Is healing formerly gang-involved and previously incarcerated people more important than helping them get jobs?
If you’d like to know the answer to that question, just ask Father Greg Boyle, founder of Homeboy Industries in Los Angeles. The world’s largest gang rehabilitation and reentry program, it serves more than 9,000 community clients annually.
And over the years, Homeboy has found that a healing-centered approach to dealing with the clients it serves works better than the job-centered approach it previously employed.
When Father Greg became the parish priest at a church in the middle of two L.A. housing projects more than 30 years ago, eight gangs were at war with each other. And the area had what he describes as “the highest concentration of gang violence in the world.”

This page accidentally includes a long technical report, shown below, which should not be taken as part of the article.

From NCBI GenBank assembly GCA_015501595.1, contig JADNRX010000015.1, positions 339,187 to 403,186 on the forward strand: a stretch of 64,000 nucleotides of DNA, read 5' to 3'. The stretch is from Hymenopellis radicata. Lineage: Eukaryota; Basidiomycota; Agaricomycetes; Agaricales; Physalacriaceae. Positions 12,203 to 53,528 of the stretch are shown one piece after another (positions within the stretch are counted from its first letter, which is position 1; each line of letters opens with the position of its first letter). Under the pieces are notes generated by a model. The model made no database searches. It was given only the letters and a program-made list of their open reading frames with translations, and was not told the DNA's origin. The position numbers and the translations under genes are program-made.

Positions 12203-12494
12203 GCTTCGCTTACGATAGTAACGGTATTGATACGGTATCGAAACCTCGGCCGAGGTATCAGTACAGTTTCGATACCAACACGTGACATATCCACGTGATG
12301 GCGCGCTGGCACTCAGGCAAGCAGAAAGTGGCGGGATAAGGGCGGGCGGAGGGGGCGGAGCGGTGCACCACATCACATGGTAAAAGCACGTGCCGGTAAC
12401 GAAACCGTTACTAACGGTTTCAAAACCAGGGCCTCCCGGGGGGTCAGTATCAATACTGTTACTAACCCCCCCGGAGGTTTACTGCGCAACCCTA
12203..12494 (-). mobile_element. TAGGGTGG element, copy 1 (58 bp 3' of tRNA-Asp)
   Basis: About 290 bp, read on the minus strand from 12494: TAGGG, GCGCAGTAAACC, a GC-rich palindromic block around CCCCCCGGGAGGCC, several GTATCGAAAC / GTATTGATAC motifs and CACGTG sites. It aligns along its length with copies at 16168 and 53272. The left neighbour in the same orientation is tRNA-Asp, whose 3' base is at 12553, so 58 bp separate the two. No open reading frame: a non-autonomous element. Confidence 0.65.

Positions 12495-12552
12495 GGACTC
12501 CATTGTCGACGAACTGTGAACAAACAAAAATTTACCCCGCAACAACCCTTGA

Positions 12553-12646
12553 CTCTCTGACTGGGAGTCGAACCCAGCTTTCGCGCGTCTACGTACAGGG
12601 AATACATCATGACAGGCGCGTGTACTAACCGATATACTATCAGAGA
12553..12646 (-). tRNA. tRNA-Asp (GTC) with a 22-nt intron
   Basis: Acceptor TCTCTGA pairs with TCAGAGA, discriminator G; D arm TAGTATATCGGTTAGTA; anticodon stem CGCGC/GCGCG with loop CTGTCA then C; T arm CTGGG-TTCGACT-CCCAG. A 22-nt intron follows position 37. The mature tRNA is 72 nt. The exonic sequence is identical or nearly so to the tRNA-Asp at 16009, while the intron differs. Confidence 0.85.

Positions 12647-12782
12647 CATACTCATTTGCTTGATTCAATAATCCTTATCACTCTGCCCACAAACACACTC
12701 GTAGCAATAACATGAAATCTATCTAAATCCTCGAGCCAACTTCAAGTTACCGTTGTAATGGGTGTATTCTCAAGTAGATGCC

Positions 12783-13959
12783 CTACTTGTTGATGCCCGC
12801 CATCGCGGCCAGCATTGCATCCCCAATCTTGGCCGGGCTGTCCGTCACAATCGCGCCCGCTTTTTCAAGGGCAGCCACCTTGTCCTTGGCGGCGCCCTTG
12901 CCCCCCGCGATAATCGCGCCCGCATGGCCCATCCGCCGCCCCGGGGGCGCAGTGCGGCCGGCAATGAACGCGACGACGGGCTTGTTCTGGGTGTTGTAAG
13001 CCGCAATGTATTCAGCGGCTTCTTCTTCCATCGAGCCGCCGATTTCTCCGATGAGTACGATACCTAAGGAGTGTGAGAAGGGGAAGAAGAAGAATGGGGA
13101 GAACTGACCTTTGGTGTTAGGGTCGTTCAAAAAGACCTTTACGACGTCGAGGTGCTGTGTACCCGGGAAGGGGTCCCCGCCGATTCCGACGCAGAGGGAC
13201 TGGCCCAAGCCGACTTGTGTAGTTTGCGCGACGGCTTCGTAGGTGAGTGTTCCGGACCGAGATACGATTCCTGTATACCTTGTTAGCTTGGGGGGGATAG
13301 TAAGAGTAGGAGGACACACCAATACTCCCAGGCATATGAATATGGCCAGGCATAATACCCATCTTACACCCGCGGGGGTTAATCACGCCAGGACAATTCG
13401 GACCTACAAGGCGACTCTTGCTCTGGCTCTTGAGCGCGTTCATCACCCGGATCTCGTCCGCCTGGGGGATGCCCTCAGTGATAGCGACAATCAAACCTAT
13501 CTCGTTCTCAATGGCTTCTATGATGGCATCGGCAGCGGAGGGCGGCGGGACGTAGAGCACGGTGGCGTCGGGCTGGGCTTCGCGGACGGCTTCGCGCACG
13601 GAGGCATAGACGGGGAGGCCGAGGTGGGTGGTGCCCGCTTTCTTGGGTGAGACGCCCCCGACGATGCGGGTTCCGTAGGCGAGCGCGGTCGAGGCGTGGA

Getting a job is not enough
He began to befriend the local homies, and they would tell him, “If we only we had jobs.” He launched a program called Jobs for the Future and connected with felon friendly employers. When he couldn’t find enough of those, his nonprofit started social enterprises like Homeboy Bakery.
A certain incident about 18 years ago forced him to reconsider his approach. At that time, Father Greg helped get a homie named Robert a career in the movie industry. Not just a job but a real career. But it didn’t work out. “All of the sudden his lady leaves him, and he’s doing 125 years to life in prison. He was toppled by events,” says Father Greg.
That was the wakeup call. He knew things had to change. Finding jobs just wasn’t enough. The opposite of Robert is someone who is healed, he says. “Who joins gangs anyway? It’s folks who are traumatized and despondent and have mental health issues.”